I am my mother’s daughter, and I aspire to be the profound version of her. The woman who reads, who exercises self-control, who practices kindness, who never imposes- she keeps her word. She loves her many friends, she pleas the fifth, she sympathizes and has compassion. She speaks her mind, keeps her cards close to her chest, chooses the right time, she is analytical.
She drinks her porridge cold, and lives in the present. She is frugal, lives within her means, is grateful and contented with what she has; she loves her space and craves conversation all at once. She has an impeccable memory, especially with numbers. She gives no unsolicited advice, she listens (not always) and dispenses words of wisdom.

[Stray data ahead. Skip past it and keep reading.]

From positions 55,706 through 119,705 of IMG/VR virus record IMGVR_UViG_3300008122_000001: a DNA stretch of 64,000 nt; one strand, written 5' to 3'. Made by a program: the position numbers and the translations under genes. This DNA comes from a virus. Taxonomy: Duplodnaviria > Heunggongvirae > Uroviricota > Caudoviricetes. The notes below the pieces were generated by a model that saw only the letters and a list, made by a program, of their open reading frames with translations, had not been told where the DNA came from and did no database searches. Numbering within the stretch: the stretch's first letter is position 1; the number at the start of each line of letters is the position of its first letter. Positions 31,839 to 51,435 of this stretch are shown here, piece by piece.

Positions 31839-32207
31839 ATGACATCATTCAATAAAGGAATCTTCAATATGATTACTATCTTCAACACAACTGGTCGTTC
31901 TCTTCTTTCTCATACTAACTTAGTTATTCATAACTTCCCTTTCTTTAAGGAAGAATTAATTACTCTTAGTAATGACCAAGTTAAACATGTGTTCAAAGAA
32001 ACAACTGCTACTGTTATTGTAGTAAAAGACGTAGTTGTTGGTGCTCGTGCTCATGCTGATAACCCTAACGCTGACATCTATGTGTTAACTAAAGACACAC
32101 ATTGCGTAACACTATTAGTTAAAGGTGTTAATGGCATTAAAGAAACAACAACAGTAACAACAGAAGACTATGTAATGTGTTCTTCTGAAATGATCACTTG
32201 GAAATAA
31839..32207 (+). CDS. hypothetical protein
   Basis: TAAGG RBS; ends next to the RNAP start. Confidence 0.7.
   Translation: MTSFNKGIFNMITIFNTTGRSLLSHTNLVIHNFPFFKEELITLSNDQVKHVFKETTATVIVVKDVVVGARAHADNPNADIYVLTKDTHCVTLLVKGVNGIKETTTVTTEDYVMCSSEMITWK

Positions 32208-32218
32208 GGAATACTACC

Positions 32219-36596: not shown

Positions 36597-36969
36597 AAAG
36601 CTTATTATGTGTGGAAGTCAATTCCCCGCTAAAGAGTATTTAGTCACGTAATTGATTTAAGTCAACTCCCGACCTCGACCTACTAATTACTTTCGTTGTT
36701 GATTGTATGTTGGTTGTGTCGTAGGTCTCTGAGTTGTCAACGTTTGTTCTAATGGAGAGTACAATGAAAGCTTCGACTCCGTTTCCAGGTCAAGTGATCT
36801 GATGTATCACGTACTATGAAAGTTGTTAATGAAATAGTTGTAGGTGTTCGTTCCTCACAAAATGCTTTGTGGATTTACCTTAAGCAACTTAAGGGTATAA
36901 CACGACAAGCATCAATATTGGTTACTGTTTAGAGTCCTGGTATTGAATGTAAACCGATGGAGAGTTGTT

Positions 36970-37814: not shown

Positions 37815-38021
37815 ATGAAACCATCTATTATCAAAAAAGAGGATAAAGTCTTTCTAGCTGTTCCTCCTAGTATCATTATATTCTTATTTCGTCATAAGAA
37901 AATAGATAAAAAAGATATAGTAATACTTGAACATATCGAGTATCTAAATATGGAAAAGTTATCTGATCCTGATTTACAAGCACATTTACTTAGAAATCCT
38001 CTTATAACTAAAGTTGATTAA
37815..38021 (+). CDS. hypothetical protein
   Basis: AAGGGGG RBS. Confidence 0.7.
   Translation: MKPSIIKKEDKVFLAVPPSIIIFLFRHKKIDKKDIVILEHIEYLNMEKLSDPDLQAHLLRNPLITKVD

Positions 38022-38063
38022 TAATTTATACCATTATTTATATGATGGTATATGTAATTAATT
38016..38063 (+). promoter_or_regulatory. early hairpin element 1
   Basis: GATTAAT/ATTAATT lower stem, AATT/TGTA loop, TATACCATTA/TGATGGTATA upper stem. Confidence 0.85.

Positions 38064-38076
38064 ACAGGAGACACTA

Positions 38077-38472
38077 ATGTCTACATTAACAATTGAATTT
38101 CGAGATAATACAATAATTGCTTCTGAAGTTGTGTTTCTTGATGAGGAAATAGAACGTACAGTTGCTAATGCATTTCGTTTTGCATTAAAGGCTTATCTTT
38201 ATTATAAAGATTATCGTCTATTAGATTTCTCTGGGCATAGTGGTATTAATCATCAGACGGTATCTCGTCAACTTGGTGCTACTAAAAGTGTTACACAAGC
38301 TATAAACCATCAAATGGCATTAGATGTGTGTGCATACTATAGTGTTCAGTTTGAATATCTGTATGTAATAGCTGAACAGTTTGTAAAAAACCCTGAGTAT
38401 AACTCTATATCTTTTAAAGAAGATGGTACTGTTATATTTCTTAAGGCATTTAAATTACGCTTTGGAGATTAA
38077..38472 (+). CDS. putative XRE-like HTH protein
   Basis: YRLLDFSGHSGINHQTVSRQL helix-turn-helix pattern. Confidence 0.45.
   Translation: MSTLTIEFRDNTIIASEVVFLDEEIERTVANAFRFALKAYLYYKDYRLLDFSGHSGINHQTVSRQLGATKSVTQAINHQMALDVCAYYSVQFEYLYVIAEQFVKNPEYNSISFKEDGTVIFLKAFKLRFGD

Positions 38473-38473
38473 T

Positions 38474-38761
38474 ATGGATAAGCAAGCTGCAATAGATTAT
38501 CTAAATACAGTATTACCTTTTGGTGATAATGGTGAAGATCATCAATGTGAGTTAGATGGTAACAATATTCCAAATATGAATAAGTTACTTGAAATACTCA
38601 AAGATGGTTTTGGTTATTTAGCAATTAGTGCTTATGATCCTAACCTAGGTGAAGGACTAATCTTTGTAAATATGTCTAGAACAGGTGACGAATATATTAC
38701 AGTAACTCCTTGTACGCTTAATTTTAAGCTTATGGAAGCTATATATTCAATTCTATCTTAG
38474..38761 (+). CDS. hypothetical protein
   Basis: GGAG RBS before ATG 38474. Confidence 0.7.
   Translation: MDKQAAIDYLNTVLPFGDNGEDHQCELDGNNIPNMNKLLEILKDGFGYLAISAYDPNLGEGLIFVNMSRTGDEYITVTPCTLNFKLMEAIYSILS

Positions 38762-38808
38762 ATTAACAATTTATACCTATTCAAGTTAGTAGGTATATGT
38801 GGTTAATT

I am my father’s daughter. He doesn’t neglect or abandon family but doesn’t always want to be around them. He gives only what he can afford, hates to confront but will find a way to deal with it. He knows how to maintain boundaries but needs to know how to ask for help. He is stubborn, oh so stubborn.
I have his physique and his eyes; my mother’s toes, voice and walk, but I am also me, totally and purely me.